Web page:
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Cops Hear Sickening Voice After Calling Number on Old Receipt Found at Murder Scene

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When Milwaukee police found an old pizza receipt at the scene of a murder, they knew it was a clue that could help unravel the crime.

Then came the sickening moment police dialed the number on the receipt and found themselves talking to a child.

The 12-year-old to whom police spoke was later charged with the death of Brandon Felton, 34, who was found dead in his home on March 18, according to NBC News.

As police began their investigation, they found the receipt in the vicinity of a spent shell casing, according to a criminal complaint.

“That receipt was for a ‘Domino’s Pizza’ order which showed an order for food was placed by ‘Brandy,’” the complaint said. The order was placed on March 15.

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The complaint said a detective dialed the number. A “young-sounding male” answered, denied knowing anyone named Brandy and hung up, the complaint said.

Police were able to connect the number to the boy, Felton’s neighbor, because he had made a 911 call on March 7 and given his name, the Milwaukee Journal Sentinel reported.

Police met with the boy and his mother and the boy admitted the phone number was his.

But, according to the complaint, the truth took some time to emerge.

“The defendant then continuously stated that he did not order food that night and has never ordered food from Felton’s house. He claimed he had no idea about the pizza and that Felton never used his phone to order food,” the complaint said.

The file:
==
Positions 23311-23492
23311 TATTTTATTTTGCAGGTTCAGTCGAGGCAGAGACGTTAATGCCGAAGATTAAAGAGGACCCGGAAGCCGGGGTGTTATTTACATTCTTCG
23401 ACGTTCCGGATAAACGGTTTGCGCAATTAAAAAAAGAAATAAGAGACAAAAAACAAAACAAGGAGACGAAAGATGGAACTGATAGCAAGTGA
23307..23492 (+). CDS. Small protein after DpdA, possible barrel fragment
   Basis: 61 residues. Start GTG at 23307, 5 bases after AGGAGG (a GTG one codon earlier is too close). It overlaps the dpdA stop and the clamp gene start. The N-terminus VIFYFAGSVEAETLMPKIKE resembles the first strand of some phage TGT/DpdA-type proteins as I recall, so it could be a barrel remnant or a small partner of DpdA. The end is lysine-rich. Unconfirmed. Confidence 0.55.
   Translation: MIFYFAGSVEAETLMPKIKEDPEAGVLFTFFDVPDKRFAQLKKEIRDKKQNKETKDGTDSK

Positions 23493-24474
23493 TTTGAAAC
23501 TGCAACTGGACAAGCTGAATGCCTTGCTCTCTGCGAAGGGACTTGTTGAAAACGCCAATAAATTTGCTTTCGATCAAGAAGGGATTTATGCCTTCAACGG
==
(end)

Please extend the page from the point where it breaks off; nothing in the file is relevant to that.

“The Defendant was then shown the receipt that was recovered from Felton’s residence and was asked if he knew what happened to Felton. The Defendant replied he did not know, then was told that Felton was killed.

“The Defendant then stated he did not know about that (despite earlier indicating that his grandma informed him about what happened to Felton),” the complaint said.

The boy admitted he was at Felton’s home when he was killed but insisted it was a friend of Felton’s who shot him in the head. But the boy’s mother said he was lying.

“He and his friends went to Felton’s residence to buy Felton’s guns. Felton was not going to sell the guns and then the Defendant and his friends went to Felton’s to take the guns,” the complaint said.

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Police found incriminating texts on the boy’s phone, according to WITI-TV.

In one text, the suspect wrote, “Or should I kill him…(right now).”

“Don’t let him know we coming,” the friend replied.

“He on the couch laying down…” the boy texted, later adding, “Cuz I can belt him (right now).”

The boy was charged as an adult with first-degree intentional homicide and faces a bond of $100,000.

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Jack Davis is a freelance writer who joined The Western Journal in July 2015 and chronicled the campaign that saw President Donald Trump elected. Since then, he has written extensively for The Western Journal on the Trump administration as well as foreign policy and military issues.
Jack Davis is a freelance writer who joined The Western Journal in July 2015 and chronicled the campaign that saw President Donald Trump elected. Since then, he has written extensively for The Western Journal on the Trump administration as well as foreign policy and military issues.
Jack can be reached at jackwritings1@gmail.com.
Location
New York City
Languages Spoken
English
Topics of Expertise
Politics, Foreign Policy, Military & Defense Issues




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